Montana State University Billings announced on Thursday that Joseph Oravecz, dean of student affairs at the University of Nebraska Kearny, will be its next vice chancellor for student affairs.
“I’m equally humbled, excited and thrilled to be able to join MSUB in this exciting time of transition,” he said.
The position has been vacant since January, when Stacy Klippenstein left to become president of Miles Community College in Miles City, and Thursday’s announcement marks one of the first official acts by recently hired Chancellor Mark Nook.
“Joe brings over 25 years of higher education experience to MSU Billings,” Nook said. “His expertise and energy will make an immediate impact on our campus as we look to graduate more students from our institution over the next several years.”
Oravecz’s duties at MSUB will include overseeing the student affairs division, related matters and enrollment.
Since 2010, he’s performed similar duties in his current position at UNK, a school of about 7,000 students in a town of about 30,000. Before that, he was associate vice president for student affairs at Bowling Green State University in Ohio from 2007 to 2010, as dean of students at the University of Bridgeport in Connecticut, associate dean of students at Syracuse University in New York and other higher education positions dating back to the late 1980s.
Oravecz earned a bachelor’s degree in psychology in 1988 from Gettysburg College, a master’s in higher education and student affairs in 1992 from Ohio State University and a doctorate in higher education administration in 2002 from Florida State University.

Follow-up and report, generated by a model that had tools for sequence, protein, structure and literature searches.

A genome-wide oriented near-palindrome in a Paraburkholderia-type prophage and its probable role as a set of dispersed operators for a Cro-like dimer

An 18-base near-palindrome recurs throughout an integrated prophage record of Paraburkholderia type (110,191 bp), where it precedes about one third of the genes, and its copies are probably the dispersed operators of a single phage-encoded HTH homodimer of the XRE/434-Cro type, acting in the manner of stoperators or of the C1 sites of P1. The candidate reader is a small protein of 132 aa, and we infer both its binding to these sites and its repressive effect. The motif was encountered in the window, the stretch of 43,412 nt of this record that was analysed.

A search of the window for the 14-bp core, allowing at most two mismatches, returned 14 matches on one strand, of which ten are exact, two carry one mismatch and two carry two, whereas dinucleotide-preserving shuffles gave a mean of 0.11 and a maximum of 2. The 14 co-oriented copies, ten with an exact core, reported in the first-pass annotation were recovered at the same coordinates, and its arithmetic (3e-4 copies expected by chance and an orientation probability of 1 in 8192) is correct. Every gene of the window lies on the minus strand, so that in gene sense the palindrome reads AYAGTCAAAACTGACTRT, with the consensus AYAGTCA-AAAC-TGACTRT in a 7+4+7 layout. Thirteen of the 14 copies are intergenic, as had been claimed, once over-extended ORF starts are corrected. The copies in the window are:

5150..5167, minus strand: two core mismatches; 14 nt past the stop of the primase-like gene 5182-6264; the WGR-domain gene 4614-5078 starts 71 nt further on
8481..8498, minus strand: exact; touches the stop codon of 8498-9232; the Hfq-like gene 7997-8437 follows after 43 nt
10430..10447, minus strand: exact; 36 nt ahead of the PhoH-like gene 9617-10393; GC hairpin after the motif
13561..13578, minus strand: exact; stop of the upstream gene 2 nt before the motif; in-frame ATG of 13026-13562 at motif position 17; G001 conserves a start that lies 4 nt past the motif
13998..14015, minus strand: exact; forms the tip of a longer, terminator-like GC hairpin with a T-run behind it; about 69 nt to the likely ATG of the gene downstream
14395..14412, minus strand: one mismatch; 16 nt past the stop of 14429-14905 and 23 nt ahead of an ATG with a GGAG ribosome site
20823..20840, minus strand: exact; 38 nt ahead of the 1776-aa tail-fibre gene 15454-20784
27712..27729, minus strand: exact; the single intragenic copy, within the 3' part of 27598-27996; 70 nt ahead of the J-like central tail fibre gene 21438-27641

When he first heard of the open position at MSUB, Oravecz sought out Ed Whipple, a mentor from his days at Bowling Green who worked at MSUB back when it was known as Eastern Montana College.
“He indicated to me, ‘You would absolutely love MSUB and the Billings community,’ ” Oravecz said. “As a mentor, I take his word strongly and I decided to pursue it.”
Further research on MSUB and Billings solidified that desire as he “saw new opportunities that aligned with my values.”
One of the duties in his new role will task Oravecz with working on MSUB’s enrollment. The 2013-2014 school year was the first time in five years that enrollment there has dropped below 5,000.
He said on Thursday that taking a close look at the current student body — such as the kind of students who are being recruited, what kind of programs they’re taking and the state of their financial situations — and using that information to address enrollment will play a key role.
“We need to look at the current data that’s available,” Oravecz said. “You always need to look at the composition of the current student body and you need to look at that over the last five to years and how it has changed.”
Nook said Thursday that he’ll be counting on Oravecz to do just that.
“As our chief student affairs officer, Joe is going to help us grow enrollment and enhance our ability to retain and graduate students, building on institution’s foundation of access and excellence,” he said.
Oravecz described himself as the son of a plumber and an administrative assistant who is a “first-generation student.” He said that upbringing helped instill an appreciation for higher education in many forms, something he plans to bring to his workings with two-year and certificate programs, including at MSUB’s City College.
“There are so many opportunities for continuing on in higher education, whether it’s a certificate, a two-year or four-year degree or beyond,” he said. “You need to be able to articulate that in the community.”
He will take over MSUB’s student affairs division on Aug. 25, pending approval by the Montana University System Board of Regents.